“Life can only be understood backward; but it must be lived forwards.” Soren Kierkegaard
When I look back over the many years of my life, I’m amazed at how much has changed in our society and in my life. I went to school in segregated schools until the Sixties when I entered college. I knew the first black woman to live in the college dorm. In those days when I was majoring in theater, the gay guys who were my friends didn’t want me to know they were gay. Although we all knew they were gay, it was never discussed openly.
Society Changes Only When We Change
The Sixties opened up my generation as nothing else could. As a result of the turmoil of that time, our society began a process of opening to new ideas about equality for all Americans. While many attitudes and laws have changed in our society, there are still people who are racist, sexist, or against anyone who is not like them.
The society can become unstuck and move forward only when we do. So how do we do that when we feel so attached to a belief or stuck in a life style that makes our change challenging? How do we learn to live forward as Kierkegaard suggests?
We Must Release Limiting Beliefs
Living attached to limiting beliefs about the past can stymie us. When I married at twenty-one, I believed that marriage lasted forever, no matter what. I still think it’s the ideal, but after dealing with my former husband, who kept trying to leave for ten years, I finally decided I had to let him go—there was little value in his remaining for either of us.
Resistance Is A Sign We’re Stuck
How do we know when we’re stuck? We usually encounter repeated resistance in some way. It feels like no matter what we do, nothing changes. Problems don’t get solved. We aren’t getting what we want. Every attempt to get what we want is blocked in some way. The frustration level rises because what used to work no longer does.
When we feel this way, something needs to change, and it’s usually our thinking. When I moved to New Mexico years ago, I had Chronic Fatigue Syndrome, a result of stress and exposure to chemicals and mold in the New Orleans environment and the schools where I taught. I needed to move to a dry climate to heal. But it was more than that. I had felt an attraction to New Mexico and had subscribed to the New Mexico Magazine for years. I found the landscape and art beautiful and felt deeply connected to the Native American Culture.
I did heal my illness there, but my high school teaching experiences were a nightmare. Administrators who wanted to replace me with people they knew wrote evaluations full of lies, and others refused to give me any support with a terribly-behaved class that had been a serious problem long before I arrived. I became a scapegoat for the problems administrators couldn’t solve.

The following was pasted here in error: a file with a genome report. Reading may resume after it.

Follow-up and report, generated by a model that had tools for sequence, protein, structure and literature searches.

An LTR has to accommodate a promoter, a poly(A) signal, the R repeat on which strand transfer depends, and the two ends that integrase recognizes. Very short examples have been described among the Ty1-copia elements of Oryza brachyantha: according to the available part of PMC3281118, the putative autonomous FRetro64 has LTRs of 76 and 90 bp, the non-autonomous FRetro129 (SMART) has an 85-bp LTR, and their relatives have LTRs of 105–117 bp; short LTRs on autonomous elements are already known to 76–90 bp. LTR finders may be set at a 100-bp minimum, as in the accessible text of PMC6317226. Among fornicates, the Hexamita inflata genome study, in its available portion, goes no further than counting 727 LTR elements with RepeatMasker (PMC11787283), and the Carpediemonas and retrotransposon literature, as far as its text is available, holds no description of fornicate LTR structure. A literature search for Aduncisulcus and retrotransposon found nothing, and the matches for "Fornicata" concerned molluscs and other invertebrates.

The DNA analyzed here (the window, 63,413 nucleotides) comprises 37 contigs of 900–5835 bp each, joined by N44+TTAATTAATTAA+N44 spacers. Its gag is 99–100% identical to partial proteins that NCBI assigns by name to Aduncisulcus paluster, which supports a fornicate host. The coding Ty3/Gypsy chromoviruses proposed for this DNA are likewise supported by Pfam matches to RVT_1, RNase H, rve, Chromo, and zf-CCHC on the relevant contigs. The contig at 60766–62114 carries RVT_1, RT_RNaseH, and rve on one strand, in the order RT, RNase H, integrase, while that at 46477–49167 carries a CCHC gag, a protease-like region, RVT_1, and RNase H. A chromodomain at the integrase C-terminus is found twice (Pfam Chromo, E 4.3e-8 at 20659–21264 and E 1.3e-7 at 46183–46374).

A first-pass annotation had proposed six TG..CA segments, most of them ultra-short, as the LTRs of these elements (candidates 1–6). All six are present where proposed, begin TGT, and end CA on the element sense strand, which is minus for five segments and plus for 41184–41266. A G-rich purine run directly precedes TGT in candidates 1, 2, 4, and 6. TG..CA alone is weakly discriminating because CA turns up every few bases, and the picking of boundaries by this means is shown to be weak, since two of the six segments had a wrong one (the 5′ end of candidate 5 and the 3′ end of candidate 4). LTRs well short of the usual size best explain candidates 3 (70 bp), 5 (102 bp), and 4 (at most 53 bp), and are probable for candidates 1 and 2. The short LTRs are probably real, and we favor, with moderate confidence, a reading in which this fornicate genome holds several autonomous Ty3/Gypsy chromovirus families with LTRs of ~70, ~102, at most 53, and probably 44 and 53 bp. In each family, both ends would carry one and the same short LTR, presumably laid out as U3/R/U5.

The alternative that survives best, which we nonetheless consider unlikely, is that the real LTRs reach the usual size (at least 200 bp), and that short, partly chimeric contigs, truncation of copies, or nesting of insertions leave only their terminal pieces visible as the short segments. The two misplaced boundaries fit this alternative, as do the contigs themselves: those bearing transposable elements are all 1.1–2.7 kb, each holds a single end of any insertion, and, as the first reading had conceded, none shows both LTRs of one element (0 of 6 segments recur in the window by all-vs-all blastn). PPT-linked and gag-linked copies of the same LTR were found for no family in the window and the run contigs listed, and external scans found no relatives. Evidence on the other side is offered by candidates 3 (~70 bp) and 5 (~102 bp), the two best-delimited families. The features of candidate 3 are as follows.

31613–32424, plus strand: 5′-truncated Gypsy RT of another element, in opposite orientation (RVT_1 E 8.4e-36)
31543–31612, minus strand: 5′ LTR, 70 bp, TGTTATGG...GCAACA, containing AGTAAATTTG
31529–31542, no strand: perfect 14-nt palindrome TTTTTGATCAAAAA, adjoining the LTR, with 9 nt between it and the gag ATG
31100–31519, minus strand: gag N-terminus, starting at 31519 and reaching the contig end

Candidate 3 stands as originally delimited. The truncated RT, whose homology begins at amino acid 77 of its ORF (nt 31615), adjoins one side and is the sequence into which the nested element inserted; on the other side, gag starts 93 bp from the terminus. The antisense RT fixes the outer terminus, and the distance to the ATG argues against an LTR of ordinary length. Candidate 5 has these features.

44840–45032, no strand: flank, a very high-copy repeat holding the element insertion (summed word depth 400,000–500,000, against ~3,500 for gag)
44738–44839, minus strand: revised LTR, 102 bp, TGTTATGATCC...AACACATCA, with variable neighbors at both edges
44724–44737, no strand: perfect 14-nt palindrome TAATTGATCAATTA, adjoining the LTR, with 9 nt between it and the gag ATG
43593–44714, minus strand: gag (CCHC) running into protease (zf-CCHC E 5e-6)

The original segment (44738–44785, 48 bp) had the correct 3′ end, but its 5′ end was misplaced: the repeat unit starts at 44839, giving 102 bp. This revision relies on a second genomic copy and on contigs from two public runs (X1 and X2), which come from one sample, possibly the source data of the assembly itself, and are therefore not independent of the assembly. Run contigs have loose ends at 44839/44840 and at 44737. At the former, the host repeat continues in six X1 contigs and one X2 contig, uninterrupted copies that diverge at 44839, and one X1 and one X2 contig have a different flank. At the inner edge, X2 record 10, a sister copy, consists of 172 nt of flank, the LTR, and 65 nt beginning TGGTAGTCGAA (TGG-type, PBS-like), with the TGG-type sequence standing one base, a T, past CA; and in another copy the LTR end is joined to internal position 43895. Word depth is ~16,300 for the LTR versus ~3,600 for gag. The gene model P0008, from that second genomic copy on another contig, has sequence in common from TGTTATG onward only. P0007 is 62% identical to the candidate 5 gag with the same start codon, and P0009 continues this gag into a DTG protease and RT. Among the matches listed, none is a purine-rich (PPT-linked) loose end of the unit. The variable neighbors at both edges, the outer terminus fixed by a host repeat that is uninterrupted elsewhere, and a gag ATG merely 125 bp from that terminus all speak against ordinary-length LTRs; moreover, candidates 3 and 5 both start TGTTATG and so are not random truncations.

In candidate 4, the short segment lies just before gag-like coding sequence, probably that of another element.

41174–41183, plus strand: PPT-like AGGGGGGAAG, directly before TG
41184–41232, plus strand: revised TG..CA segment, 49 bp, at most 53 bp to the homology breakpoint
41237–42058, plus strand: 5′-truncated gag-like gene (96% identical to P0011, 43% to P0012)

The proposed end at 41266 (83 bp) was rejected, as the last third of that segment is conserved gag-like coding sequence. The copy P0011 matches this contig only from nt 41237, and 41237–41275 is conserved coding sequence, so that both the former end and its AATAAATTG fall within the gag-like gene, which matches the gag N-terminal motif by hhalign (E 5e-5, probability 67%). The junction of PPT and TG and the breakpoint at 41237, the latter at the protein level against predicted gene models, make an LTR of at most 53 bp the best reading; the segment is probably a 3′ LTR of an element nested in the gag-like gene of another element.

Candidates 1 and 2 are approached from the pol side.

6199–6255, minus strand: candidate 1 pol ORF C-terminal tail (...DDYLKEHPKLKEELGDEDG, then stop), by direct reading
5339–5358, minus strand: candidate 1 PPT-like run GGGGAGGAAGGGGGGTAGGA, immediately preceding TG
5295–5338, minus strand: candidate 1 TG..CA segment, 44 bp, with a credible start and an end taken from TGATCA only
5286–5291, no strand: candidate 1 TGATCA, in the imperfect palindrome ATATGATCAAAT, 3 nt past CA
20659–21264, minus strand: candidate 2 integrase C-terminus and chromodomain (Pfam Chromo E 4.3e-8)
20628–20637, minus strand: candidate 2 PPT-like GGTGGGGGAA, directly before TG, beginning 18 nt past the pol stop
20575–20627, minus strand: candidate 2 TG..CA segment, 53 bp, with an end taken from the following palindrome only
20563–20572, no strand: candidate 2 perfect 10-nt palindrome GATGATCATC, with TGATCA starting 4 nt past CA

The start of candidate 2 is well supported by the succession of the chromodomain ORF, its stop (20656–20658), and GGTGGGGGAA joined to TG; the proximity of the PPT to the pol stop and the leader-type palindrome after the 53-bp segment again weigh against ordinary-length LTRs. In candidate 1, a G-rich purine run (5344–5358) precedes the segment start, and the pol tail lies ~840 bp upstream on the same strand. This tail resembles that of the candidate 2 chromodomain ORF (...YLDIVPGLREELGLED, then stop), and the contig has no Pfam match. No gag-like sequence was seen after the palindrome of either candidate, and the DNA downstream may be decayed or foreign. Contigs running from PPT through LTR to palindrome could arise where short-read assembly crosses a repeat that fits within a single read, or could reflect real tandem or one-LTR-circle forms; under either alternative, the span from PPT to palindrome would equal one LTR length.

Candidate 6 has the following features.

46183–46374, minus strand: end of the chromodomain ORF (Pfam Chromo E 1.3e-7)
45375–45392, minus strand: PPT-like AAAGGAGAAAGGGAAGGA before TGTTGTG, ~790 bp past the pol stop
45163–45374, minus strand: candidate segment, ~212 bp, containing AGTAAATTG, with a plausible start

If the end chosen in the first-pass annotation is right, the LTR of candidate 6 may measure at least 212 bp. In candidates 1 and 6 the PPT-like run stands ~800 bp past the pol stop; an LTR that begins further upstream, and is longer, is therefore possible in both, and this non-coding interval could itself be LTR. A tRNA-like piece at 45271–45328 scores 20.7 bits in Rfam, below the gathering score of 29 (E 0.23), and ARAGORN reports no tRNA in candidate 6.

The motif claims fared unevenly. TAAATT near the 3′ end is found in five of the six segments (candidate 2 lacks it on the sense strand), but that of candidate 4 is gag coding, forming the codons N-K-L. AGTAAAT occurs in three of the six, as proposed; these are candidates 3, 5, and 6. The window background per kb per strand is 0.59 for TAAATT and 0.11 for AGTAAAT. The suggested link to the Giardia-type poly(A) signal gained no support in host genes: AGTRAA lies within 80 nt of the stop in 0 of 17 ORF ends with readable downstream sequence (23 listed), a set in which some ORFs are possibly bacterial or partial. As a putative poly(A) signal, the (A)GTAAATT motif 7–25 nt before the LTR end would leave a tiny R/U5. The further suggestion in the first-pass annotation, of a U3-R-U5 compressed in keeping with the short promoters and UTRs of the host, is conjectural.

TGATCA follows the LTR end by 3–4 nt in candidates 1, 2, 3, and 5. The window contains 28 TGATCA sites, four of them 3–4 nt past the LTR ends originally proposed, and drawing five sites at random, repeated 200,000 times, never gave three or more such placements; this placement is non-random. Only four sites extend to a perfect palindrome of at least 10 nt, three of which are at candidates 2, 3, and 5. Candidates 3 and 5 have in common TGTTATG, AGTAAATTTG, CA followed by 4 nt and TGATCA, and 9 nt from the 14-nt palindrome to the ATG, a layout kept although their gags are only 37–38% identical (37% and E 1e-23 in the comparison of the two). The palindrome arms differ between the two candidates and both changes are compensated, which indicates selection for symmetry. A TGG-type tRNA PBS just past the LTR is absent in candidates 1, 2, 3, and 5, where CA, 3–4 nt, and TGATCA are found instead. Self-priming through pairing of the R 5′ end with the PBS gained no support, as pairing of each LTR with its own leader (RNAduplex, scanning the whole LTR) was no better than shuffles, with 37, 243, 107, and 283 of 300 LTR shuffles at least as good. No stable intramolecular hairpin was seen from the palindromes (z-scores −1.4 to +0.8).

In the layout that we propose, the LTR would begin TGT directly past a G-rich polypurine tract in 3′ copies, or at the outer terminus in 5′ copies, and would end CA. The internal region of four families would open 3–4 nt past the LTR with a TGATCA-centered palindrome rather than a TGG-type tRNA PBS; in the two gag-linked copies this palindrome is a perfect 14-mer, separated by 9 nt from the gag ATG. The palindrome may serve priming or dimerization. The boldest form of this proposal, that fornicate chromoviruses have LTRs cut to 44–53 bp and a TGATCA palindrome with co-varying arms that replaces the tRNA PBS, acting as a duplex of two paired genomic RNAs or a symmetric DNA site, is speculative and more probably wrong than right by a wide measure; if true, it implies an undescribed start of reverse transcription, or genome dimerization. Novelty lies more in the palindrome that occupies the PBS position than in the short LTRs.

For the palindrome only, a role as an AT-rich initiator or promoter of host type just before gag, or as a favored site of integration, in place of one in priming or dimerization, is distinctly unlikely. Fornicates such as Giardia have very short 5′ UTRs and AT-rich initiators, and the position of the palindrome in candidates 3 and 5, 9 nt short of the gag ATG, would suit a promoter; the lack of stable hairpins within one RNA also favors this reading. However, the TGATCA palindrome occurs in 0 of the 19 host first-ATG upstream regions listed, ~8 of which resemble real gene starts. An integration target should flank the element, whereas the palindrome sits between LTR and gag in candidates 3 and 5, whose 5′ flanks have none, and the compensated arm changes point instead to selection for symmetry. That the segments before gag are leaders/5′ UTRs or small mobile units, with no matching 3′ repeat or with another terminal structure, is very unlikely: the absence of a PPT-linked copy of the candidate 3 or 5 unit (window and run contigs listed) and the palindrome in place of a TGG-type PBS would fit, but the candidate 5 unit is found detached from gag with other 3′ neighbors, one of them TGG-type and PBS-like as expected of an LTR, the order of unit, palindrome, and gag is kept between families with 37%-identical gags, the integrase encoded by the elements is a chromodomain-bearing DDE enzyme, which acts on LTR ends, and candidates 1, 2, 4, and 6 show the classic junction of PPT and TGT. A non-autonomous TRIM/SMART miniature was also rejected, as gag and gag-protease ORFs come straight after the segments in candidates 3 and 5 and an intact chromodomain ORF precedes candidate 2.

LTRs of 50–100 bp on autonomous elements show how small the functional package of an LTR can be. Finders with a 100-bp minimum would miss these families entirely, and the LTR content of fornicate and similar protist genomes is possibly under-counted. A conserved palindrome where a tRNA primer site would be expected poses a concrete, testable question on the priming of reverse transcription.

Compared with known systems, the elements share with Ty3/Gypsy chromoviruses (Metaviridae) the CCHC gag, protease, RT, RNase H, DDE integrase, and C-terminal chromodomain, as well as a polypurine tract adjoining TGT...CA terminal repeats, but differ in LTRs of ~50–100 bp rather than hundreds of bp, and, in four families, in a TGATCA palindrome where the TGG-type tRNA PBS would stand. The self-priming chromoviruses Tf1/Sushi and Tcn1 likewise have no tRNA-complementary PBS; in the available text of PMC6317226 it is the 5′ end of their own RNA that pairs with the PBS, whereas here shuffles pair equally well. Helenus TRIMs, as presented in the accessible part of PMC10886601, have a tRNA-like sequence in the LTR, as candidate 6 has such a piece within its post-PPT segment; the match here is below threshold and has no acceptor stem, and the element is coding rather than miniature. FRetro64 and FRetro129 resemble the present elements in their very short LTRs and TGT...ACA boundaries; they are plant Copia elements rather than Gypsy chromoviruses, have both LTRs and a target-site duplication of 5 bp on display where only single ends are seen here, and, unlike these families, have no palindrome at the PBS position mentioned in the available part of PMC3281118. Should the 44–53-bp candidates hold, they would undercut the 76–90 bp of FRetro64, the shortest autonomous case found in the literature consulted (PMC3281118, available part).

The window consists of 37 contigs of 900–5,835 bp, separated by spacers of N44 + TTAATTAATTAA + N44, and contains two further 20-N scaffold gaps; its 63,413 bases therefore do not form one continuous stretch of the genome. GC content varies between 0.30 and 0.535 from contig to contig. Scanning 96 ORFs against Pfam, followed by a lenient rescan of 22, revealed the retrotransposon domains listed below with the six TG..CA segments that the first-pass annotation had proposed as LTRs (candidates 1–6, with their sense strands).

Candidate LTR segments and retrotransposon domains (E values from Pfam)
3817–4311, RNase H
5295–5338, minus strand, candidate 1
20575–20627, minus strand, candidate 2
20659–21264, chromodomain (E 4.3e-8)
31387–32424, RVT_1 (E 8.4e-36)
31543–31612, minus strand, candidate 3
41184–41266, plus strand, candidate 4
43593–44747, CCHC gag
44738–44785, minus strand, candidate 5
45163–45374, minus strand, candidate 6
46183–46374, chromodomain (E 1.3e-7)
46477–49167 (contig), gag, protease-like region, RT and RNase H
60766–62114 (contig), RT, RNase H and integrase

Still, I refused to face the facts. My arrival in New Mexico had been magical, and my first job was perfect for me—teaching a humanities class in a fine arts academy. But it didn’t last because I was the last teacher hired and when they discovered they had too many teachers for students, I was the first to be transferred. Unfortunately, by this time, I had fallen in love with the Land of Enchantment.
We Have To See How Illusions Keep Us Stuck
You know how it is when you fall in love. It’s impossible to see your lover’s negative qualities. You make excuses for him. I refused to give up my belief that this beautiful place was my soul’s home. I ignored the real meaning of enchantment. The lure of its beauty had bewitched me.
Despite being stuck on staying where I was physically, I did begin to be unstuck in other ways. I had been writing a novel, but was blocked and frustrated. Then I started writing my memoir instead just to keep writing and that began to feel like a good change. Eventually, I let go of my attachment to the desert, realizing it was a metaphor for my experience, and moved to North Carolina, a place that truly is my soul’s home.
We Have To Release Our Fear of Change
So often we resist what is obvious because we’re so afraid of change. It’s the unknown and we choose to remain unhappy rather than take a risk, but staying stuck only buries us deeper under more unhappiness. It is only after making the change that we can look back and see whether it was a good choice. That’s reality, and to live life forward means to summon our courage and take the risk.
When I’m at this point, I always think of this saying, “When you come to the edge of all the light you know, and are about to step off into the darkness of the unknown, faith is knowing one of two things will happen: there will be something to stand on or you will be taught how to fly.” Unless you are willing to take the step forward, you will never know what possibilities await you.
Through Change We Find Our True Path
In New Mexico and in North Carolina, I kept clinging to the feeling of security that teaching gave me, but that was an illusion. It has all worked out. Just at the time I was running out of money, I reached the age to collect Social Security. Then, I published my memoir and created workshops on how to release fear. The chaos led me to my true life path and whatever I have needed has shown up. It was all in Divine Order.
May you find the courage to live your life forward.
What have you let go of over the years that has allowed you to understand the past and move forward? Please comment.
© 2013 Georganne Spruce ZQT4PQ5ZN7F5